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  • Anmol Singh

Labour & Employment Laws - Newsletter | August 2023

This labour & employment law newsletter provides a brief summary of the developments and updates in the month of August, 2023 through judgments, notifications, circulars, and other updates in the labour & employment sector in India.

Principal Employer is not liable for interest/penalty on delayed compensation for accident or death of Contractor’s employee

The Bombay High Court held that on failure to comply with the statutory obligation on the part of the employer, he can be saddled with the additional liability to pay interest and penalty, however, the principal employer, who is made liable to pay compensation by extended arm under Section 12 of the Employee’s Compensation Act cannot be mulcted with the liability to pay the interest and penalty. Such liability would remain on the employer (i.e., contractor) only for his default.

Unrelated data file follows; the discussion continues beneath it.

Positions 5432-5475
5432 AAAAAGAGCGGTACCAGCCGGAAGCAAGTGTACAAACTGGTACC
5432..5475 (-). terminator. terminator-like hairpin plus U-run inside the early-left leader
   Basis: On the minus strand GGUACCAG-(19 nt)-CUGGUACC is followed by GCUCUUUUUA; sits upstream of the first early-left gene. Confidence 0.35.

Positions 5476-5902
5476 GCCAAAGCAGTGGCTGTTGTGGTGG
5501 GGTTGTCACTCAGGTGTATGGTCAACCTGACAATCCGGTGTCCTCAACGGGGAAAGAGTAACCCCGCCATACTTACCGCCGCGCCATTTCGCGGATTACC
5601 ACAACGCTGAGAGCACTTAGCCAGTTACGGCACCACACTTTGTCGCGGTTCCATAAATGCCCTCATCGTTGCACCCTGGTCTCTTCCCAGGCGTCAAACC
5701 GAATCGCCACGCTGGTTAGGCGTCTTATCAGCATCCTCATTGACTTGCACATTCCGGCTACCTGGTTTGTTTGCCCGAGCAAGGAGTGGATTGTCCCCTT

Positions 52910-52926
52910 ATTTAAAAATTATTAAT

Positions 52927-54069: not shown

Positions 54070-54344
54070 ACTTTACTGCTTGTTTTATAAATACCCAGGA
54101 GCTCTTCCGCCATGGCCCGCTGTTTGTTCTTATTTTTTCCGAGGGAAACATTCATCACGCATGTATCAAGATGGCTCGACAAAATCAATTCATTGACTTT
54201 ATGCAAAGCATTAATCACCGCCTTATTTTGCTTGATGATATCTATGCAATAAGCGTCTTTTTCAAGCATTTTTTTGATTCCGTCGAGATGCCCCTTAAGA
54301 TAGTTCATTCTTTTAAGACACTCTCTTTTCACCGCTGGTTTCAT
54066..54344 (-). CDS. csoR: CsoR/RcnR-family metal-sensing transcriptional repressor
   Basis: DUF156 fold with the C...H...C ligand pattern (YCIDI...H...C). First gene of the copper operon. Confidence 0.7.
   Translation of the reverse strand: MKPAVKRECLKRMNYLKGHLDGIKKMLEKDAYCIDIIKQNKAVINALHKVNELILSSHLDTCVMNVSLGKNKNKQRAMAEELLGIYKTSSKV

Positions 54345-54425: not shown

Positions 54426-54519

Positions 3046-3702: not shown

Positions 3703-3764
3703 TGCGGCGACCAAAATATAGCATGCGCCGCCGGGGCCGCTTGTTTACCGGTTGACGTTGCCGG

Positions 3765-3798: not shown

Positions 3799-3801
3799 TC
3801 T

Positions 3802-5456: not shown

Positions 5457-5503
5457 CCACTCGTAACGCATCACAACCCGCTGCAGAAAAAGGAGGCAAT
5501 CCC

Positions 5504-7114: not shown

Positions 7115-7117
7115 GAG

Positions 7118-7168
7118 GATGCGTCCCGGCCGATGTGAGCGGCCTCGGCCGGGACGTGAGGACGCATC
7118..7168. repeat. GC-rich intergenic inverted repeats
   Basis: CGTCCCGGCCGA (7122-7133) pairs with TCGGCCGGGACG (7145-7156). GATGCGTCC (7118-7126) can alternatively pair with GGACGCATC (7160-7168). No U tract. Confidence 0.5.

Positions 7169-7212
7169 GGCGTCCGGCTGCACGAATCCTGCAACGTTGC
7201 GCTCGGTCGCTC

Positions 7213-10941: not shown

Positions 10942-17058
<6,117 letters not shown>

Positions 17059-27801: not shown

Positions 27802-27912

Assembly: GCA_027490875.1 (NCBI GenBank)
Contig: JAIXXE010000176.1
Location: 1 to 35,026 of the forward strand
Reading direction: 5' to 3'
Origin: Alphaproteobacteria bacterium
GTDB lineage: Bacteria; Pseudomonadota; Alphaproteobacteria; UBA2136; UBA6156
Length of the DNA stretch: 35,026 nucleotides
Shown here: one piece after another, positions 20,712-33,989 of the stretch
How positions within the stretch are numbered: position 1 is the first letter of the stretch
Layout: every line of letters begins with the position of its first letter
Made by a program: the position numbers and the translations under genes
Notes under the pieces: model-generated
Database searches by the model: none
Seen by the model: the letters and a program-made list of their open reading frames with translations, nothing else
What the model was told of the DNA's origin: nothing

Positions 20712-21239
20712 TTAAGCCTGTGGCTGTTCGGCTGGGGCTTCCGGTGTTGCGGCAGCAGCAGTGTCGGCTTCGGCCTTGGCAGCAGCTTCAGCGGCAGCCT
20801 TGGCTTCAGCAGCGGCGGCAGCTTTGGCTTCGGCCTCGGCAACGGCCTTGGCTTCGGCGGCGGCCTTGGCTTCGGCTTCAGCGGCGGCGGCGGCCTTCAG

[Chief Executive Officer, Zila Parishad, Ahmednagar Anr. vs. Suraiyya Rafik Khalifa & Ors. 2023: BHC-AUG: 15725]

Maternity Benefits must be granted even if the period of benefit overshoots the term of contractual employment

The Supreme Court of India observed that the provisions of the Maternity Benefits Act, 1961 do not lead to an interpretation that maternity benefits cannot survive or go beyond the duration of employment of the applicant. The expression employed in the legislation is maternity benefits [in Section 2(h)] and not leave. The Apex Court concluded that once the appellant fulfilled the entitlement criteria specified in Section 5(2) of the Act, she would be eligible for full maternity benefits even if such benefits exceed the duration of her contract.